PEOPLE OF MI V ROBERT JOHN JOHNSONAnnotate this Case
STATE OF MICHIGAN
COURT OF APPEALS
PEOPLE OF THE STATE OF MICHIGAN,
May 26, 1998
LC No. 95-007136
ROBERT JOHN JOHNSON, a/k/a
Before: Sawyer, P.J., and Kelly and Smolenski, JJ.
Defendant was convicted by a jury of entering without breaking, MCL 750.111; MSA 28.306,
and sentenced to a term of two to five years’ imprisonment. Defendant appeals as of right. We affirm.
Defendant first argues that the prosecution failed to prove beyond a reasonable doubt each
element of the crime of entry without breaking. We disagree. In reviewing the sufficiency of the
evidence, this Court must view the evidence in a light most favorable to the prosecution and determine
whether a rational trier of fact could have found that the essential elements of the crime were proven
beyond a reasonable doubt. People v Hutner, 209 Mich App 280, 282; 530 NW2d 174 (1995).
Circumstantial evidence and the reasonable inferences arising from the evidence may constitute
satisfactory proof of the elements of the offense. Id.
The elements of entering without breaking are (1) entering without breaking (2) a building for
public or private use (3) with the intent to c
ommit a felony or any larceny therein. People v Ray
Jackson, 71 Mich App 487, 490; 247 NW2d 382 (1976); see also MCL 750.111; MSA 28.306.
The intent necessary to commit an offense may be found in the defendant’s conduct or words. People
v Mack, 112 Mich App 605, 611; 317 NW2d 190 (1981).
In this case, although the prosecution presented evidence that the security gate to the building
was bent and the interior door was kicked in, defendant testified the building was open. The
prosecution presented evidence that defendant was coming out of the front of the warehouse carrying
boxes. Defendant was headed toward a Chevy Blazer that had its hood and trunk open and its
emergency lights flashing. Inside the Blazer there were an additional four to five boxes of items from the
warehouse. Defendant testified that he took some screens from the interior of the building with the
intention of selling them. Viewing this evidence in a light most favorable to the prosecution, we conclude
that a rational trier of fact could have found that the essential elements of the crime of entering without
breaking were proven beyond a reasonable doubt.
Next, defendant argues that the trial court abused its discretion in refusing to give defendant’s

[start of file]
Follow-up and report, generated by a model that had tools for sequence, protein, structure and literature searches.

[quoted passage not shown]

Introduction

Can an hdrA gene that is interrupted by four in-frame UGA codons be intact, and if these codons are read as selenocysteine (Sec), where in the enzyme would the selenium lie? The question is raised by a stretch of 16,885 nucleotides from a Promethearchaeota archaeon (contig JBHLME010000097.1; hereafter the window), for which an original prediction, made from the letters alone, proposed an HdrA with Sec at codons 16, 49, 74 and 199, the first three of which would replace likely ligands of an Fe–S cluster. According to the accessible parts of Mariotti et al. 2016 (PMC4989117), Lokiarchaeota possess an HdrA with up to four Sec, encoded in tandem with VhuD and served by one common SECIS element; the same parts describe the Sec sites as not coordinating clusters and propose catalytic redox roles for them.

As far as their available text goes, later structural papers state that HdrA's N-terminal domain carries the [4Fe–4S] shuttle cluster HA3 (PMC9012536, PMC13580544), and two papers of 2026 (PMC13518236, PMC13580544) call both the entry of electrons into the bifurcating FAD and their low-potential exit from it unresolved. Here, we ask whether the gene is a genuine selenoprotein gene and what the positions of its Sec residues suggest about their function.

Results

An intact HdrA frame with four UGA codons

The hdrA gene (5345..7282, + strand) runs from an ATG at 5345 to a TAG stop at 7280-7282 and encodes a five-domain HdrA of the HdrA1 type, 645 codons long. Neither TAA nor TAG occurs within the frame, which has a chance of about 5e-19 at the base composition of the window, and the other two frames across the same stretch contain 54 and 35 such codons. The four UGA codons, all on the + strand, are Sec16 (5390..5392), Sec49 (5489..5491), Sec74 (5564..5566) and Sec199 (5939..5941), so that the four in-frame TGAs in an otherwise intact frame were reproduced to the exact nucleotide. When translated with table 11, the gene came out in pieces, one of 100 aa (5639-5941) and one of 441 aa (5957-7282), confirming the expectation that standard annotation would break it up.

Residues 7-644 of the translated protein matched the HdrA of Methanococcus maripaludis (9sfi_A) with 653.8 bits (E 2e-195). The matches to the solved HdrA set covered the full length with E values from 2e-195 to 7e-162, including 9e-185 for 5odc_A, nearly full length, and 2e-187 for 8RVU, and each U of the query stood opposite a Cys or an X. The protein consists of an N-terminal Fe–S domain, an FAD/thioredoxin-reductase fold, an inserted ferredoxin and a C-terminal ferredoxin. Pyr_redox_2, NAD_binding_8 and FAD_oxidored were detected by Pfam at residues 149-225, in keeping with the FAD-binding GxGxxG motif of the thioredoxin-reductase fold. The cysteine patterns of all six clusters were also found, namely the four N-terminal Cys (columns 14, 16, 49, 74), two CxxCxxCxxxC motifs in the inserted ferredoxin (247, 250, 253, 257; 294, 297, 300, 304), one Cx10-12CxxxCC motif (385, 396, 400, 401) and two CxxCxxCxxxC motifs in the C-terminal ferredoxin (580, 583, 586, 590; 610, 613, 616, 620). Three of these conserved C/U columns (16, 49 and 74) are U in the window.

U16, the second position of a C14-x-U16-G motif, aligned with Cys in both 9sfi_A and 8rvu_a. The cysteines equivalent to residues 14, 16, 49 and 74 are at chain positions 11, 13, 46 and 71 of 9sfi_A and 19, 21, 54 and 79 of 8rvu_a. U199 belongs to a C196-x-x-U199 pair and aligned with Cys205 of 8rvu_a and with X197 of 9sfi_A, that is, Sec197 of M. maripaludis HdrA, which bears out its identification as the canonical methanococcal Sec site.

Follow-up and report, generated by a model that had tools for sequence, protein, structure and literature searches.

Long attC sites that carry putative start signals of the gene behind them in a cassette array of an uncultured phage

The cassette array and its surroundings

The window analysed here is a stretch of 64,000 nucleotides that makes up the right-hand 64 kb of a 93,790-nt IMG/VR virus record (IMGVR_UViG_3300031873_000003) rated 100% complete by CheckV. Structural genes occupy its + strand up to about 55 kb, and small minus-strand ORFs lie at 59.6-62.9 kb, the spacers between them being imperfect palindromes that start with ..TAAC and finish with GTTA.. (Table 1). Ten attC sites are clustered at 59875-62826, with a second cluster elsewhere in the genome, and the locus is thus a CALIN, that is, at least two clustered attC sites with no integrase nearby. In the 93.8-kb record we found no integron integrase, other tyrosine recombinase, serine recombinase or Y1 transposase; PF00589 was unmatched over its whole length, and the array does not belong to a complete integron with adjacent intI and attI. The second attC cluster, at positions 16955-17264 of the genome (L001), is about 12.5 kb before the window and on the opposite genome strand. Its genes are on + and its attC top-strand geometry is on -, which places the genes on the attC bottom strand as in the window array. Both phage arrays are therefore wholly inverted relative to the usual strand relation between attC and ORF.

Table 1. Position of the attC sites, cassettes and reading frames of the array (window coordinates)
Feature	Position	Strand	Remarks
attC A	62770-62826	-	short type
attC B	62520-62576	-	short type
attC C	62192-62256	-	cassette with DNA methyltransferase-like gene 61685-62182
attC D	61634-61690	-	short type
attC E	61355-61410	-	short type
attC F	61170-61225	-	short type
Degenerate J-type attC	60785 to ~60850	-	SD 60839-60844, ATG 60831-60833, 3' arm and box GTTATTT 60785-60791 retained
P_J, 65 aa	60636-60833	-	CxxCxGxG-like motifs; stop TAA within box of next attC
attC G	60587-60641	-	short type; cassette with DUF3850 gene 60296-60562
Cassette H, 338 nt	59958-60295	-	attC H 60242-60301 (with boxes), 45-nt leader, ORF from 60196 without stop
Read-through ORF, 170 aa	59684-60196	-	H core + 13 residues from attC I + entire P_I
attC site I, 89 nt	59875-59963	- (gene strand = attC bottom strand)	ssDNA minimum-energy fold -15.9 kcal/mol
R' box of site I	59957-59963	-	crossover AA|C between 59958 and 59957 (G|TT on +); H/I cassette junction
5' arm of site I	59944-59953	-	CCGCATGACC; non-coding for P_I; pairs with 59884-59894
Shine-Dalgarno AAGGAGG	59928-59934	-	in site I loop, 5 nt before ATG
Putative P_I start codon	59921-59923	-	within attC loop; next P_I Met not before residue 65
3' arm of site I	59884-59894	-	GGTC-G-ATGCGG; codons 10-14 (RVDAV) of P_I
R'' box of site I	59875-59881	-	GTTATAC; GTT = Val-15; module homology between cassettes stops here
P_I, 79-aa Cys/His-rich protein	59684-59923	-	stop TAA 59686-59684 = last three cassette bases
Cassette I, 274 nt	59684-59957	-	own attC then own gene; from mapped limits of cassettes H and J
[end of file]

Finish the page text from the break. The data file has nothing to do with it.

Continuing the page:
requested misdemeanor jury instruction on entering without breaking and without permission. See MCL
750.115; MSA 28.310. We disagree. The trial court has discretion whether to give a requested
misdemeanor instruction and cannot be reversed on appeal absent an abuse of that discretion. People
v Steele, 429 Mich 13, 22; 412 NW 2d 206 (1987); People v Dabish, 181 Mich App 469, 474; 450
NW 2d 44 (1989). Entering without breaking and without permission requires the prosecution to prove
beyond a reasonable doubt that: (1) defendant entered without breaking (2) a building for public or
private use (3) without first obtaining permission to enter. MCL 750.115; MSA 28.310; see also
CJI2d 25.4. As explained in People v Rollins, 207 Mich App 465, 468-469; 525 NW2d 484
A court must instruct concerning a lesser included misdemeanor where (1) the
defendant makes a proper request; (2) there is an “inherent relationship” between the
greater and lesser offense; (3) the jury rationally could find the defendant innocent of the
greater and guilty of the lesser offense; (4) the defendant has adequate notice; and (5)
no undue confusion or other injustice would result.
In this case, the third condition is not satisfied. Defendant testified that he entered the building to
take screens out from the back of the building. Defendant also testified that his intention when taking
these things was to sell the items at a flea market. Defendant’s defense was that the property was
abandoned and the building was open. By defendant’s own admission, he was doing more than merely
entering the property without permission. He intended to remove, and did remove, items from the
Last, defendant argues that the trial court abused its discretion by sentencing defendant on an
offense variable level higher than called for by the nature of the crime. We disagree. Defendant does
not state a cognizable claim on appeal for this issue because he does not claim that the factual predicate
used by the trial court to assess points is unsupported or is materially false. People v Mitchell, 454
Mich 145, 176-177; 560 NW2d 600 (1997). Further, defendant’s minimum sentence of two years is
within the sentencing guidelines range of twenty-four to sixty months and is, therefore, presumed
proportionate. People v Kennenbrew, 220 Mich App 601, 609; 560 NW2d 354 (1996). Defendant
failed to allege any unusual circumstances which would cause his sentence to be disproportionate.
People v Daniel, 207 Mich App 47, 54; 523 NW2d 830 (1994). We conclude that defendant’s
sentence was proportional to this offense and offender. People v Lemons, 454 Mich 234, 260; 562
NW2d 447 (1997). Accordingly, we find no abuse of sentencing discretion. Daniel, supra.
/s/ David H. Sawyer
/s/ Michael J. Kelly
/s/ Michael R. Smolenski